We Love animals
What is your favorite animal?
Most people love animals and many consider their pets family and treat them like their kids.
Some time ago, I wrote a post about how pets can be beneficial for mental health. It’s a topic I love writing about and I keep discovering new ways that animals can be part of our healing journey.
That’s how I found out about Animal Assisted Therapy.
On the podcast, I spoke with Charlotte Erika Walker, an Interspecies Healer and Animal Communicator who helps humans and their companion animals holistically through physical, emotional and spiritual enhancement and support in a symbiotic way.
“Time spent with cats is never wasted.”
- Sigmund Freud
What does an Interspecies Healer do? Well, she helps facilitate the communication between companion animals and their humans, so both can thrive and heal together. Pets have a very unique connection to their human guardians and the healing works both ways.
Pet Benefits for Mental Health
Owning a companion animal comes with many amazing benefits and a lot of them can be physically measured. Studies have been done for decades on how pet ownership affects humans. And the results are very positive.
McConnell et al. (2011) mentions research that shows pet owners are less likely to die within one year of having a heart attack than those who do not own pets. And elderly Medicare patients with pets had fewer doctor visits than similar patients without pets. There is also an improvement in loneliness and an increase in physical activity, especially with dogs that need regular walks.
People with spinal cord injuries or traumatic brain injury who were given a service dog showed well-being improvements within 6 months in contrast to wait-listed individuals (McConnell et al., 2011). But, it is important to note that all of these examples involved participants with very serious health issues.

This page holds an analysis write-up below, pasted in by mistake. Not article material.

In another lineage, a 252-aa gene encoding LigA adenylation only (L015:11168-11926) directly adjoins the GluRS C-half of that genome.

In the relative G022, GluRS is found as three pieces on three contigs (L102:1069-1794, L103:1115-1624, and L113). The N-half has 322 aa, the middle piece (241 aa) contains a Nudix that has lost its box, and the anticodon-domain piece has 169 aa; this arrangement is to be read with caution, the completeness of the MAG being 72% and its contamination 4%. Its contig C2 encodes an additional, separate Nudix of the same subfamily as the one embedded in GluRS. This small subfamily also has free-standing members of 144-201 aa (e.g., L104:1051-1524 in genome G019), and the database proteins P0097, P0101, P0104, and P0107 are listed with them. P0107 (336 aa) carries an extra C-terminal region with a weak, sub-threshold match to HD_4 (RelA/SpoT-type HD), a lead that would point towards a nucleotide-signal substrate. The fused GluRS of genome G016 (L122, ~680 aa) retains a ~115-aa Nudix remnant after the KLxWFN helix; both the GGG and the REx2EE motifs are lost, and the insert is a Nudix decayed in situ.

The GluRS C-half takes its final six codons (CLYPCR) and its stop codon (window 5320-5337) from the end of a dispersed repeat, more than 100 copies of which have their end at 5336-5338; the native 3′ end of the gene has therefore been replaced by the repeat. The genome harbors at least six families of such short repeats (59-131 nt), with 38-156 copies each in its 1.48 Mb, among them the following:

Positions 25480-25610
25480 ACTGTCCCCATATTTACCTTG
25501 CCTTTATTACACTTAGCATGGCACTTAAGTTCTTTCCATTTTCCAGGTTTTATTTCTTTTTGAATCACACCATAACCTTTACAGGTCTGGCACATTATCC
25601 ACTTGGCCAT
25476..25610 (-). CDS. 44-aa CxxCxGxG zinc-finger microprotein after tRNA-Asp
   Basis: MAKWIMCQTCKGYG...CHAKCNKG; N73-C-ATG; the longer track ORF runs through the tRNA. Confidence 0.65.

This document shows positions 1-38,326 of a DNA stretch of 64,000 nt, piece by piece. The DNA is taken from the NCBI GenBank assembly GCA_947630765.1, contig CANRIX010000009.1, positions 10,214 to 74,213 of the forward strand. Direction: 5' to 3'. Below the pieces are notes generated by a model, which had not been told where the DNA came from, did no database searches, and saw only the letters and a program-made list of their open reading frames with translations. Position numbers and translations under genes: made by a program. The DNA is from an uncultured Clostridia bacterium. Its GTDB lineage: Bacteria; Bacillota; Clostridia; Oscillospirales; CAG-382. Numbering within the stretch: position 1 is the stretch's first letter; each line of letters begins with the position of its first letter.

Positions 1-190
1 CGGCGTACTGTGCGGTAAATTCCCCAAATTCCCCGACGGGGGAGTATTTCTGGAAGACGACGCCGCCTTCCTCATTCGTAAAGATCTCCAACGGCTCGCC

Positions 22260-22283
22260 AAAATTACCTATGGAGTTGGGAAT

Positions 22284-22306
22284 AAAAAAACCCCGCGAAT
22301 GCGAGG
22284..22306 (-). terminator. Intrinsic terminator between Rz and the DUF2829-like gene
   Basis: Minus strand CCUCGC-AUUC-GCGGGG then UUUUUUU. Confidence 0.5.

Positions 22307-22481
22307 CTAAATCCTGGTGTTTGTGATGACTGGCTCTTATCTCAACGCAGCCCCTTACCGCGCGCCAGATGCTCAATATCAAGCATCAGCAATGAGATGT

Can pets have a positive psychological impact on pet owners without such serious health issues? Some studies do indeed suggest that pet owners enjoy greater wellbeing than non-pet owners (McConnell et al., 2011). This includes more self-esteem, more self-respect, less anxiety, less depression, less loneliness, less stress, and greater happiness.
In other words, owning a pet can have a positive effect on your mental health.
Animal Assisted Therapy
And how about Animal Assisted Therapy? As Charlotte Erika explained in the episode, her visits to nursing homes with her therapy dog, Bruce, made a huge difference for the residents. Visiting a hospital or nursing home would be an animal-assisted activity and allows residents with illnesses to connect with therapy animals.
Animal-assisted therapy involves including animals, which are very often dogs or horses, in a treatment plan (Nimer & Lundahl, 2007). There have also been examples of reptiles and rats being used as therapy animals with great success. The kind of animal and the type of therapy depends on what you are looking to address. It’s usually best to set up multiple shorter sessions spaced out over the month, instead of one long session.
You could include animals in physical therapy, if you are recovering from an injury. Animals can also be part of mental health therapies to reduce anxiety and loneliness (Nimer & Lundahl, 2007). Animals have often been included in working with autistic spectrum symptoms, PTSD, ADHD, and addictions. Many of these interactions have been proven to help with physical health and happiness.